EU Regulators Propose Amendments to SFDR

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    Stockholm (NordSIP) – About a year ago, the European Commission tasked the three European Supervisory Authorities – The European Banking Authority (EBA), The European Insurance and Occupational Pensions Authority (EIOPA), and The European Securities and Markets Authority (ESMA), aka the ESAs – with reviewing and revising the Regulatory Technical Standards (RTS) supplementing EU’s Sustainable Finance Disclosure Regulation (SFDR). The authorities have been working to fulfil their mandate since, and on 12 April 2023, they published a joint Consultation Paper proposing further technical revisions to the SFDR to address issues that have emerged since the directive was first introduced.

    In the Consultation Paper, the ESAs seek feedback on several amendments, including the following:

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    • Extending the list of social indicators for the disclosure of the principal adverse impacts (PAIs) of investment decisions on the environment and society, such as earnings from non-cooperative tax jurisdictions or interference in the formation of trade unions;
    • refining the content of other indicators for adverse impacts and their respective definitions, applicable methodologies, formulae for calculation as well as the presentation of the share of information derived directly from investee companies, sovereigns, supranationals or real estate assets; and
    • incorporating product disclosures regarding decarbonisation targets, including intermediate targets, the level of ambition and how the target will be achieved.

    The regulators also seem concerned that if the current requirements for compliance with the “do no significant harm” (DNSH) test are inconsistently applied, this would undermine the comparability of financial products and could lead to greenwashing. Seeking to reduce the complexity and uncertainty arising from the DNSH test, the ESAs suggest several alternatives. Although the default option would be to keep the relatively new framework unchanged, they envision possible quantitative thresholds for PAI indicators in order to more objectively determine that a sustainable investment does not significantly harm environmental or social objectives. Another option would be to introduce the concept of “safe harbour for environmental DNSH”, meaning that investments in activities that already meet the criteria as “environmentally sustainable” under the Taxonomy Regulation would not be required to complete a further DNSH test in respect of environmental objectives under SFDR.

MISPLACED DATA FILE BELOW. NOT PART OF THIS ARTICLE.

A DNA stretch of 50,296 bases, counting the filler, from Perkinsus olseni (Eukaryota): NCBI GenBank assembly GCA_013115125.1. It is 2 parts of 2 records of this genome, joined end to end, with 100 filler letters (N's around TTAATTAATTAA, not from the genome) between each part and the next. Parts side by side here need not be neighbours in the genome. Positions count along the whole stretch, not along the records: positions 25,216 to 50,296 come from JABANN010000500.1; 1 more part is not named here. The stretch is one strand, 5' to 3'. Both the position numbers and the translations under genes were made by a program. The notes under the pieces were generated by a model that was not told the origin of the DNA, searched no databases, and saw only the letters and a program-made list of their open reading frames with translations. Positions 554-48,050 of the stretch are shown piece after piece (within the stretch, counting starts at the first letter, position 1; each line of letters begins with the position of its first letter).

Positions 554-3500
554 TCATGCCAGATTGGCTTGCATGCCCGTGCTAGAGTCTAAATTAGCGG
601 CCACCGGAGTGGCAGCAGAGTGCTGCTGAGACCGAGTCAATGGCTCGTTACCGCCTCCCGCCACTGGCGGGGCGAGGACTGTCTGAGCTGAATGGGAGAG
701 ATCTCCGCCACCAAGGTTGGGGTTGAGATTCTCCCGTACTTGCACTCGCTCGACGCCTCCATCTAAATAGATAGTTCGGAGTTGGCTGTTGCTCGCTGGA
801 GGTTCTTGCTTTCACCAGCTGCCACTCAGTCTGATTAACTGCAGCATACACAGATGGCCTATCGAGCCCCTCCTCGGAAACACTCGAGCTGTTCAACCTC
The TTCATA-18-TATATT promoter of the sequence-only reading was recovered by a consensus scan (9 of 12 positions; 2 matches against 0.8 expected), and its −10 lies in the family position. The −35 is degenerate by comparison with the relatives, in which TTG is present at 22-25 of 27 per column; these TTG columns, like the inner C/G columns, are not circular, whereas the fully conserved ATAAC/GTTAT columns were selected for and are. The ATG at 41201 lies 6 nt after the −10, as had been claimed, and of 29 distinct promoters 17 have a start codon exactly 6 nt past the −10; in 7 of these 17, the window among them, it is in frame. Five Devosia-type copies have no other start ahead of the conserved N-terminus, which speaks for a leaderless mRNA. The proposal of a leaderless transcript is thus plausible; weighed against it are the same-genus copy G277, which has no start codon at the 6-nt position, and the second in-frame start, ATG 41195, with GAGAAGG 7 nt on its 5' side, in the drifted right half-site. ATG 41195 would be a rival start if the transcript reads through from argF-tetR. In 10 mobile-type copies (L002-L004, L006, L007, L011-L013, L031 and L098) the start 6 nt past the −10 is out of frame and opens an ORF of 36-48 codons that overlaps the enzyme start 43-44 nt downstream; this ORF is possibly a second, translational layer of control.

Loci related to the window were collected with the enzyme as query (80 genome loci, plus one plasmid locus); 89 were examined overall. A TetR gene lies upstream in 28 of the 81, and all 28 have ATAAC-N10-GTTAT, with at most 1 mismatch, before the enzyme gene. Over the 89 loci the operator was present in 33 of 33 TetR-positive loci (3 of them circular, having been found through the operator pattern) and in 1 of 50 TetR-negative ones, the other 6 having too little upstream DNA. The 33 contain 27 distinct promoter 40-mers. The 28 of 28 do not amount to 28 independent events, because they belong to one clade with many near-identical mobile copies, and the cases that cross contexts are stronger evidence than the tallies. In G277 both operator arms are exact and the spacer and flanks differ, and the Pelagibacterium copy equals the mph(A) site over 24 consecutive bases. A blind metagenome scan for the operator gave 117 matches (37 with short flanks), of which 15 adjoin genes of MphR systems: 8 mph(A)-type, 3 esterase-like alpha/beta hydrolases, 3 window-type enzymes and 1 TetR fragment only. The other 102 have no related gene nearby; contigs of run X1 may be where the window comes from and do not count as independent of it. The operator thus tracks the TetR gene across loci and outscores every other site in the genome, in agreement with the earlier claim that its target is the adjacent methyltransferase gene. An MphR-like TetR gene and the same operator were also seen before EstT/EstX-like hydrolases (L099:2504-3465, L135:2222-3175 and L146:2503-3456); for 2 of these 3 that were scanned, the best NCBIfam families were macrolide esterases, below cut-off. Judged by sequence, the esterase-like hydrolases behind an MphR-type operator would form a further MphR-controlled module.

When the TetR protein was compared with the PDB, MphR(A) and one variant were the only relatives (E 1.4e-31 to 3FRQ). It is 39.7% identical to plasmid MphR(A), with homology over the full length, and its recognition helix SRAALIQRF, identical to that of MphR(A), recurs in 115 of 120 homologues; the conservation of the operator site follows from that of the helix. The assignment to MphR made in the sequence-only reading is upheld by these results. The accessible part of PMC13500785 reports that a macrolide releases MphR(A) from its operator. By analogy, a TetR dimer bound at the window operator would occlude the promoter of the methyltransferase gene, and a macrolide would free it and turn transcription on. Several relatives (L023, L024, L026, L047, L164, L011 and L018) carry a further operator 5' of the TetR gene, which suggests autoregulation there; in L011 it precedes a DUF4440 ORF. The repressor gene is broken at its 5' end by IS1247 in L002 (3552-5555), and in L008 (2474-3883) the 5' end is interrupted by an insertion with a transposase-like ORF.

Conscious of the criticisms that the pre-contractual and periodic disclosure templates (Annexes 2 to 5 of the RTS) are excessive in length and complexity, the ESAs have developed new versions of the templates. Among other changes, the authorities propose a new “dashboard” at the start of each template, which should attract the reader’s attention to the most vital information and alleviate comprehensibility concerns. The ESAs seek further input from stakeholders on changing the language, layout and structure to make the templates easier to use.

    Relevant feedback is requested by 4 July 2023, as the ESAs have promised to deliver their final report to the European Commission by the end of October 2023. After considering the comments received, there will be a joint public hearing and targeted consumer testing. Meanwhile, funds are still required to ensure disclosure compliance with the existing requirements under SFDR and to publish information according to the current versions of the disclosure templates.

    Image courtesy of Guillaume Perigois on Unsplash
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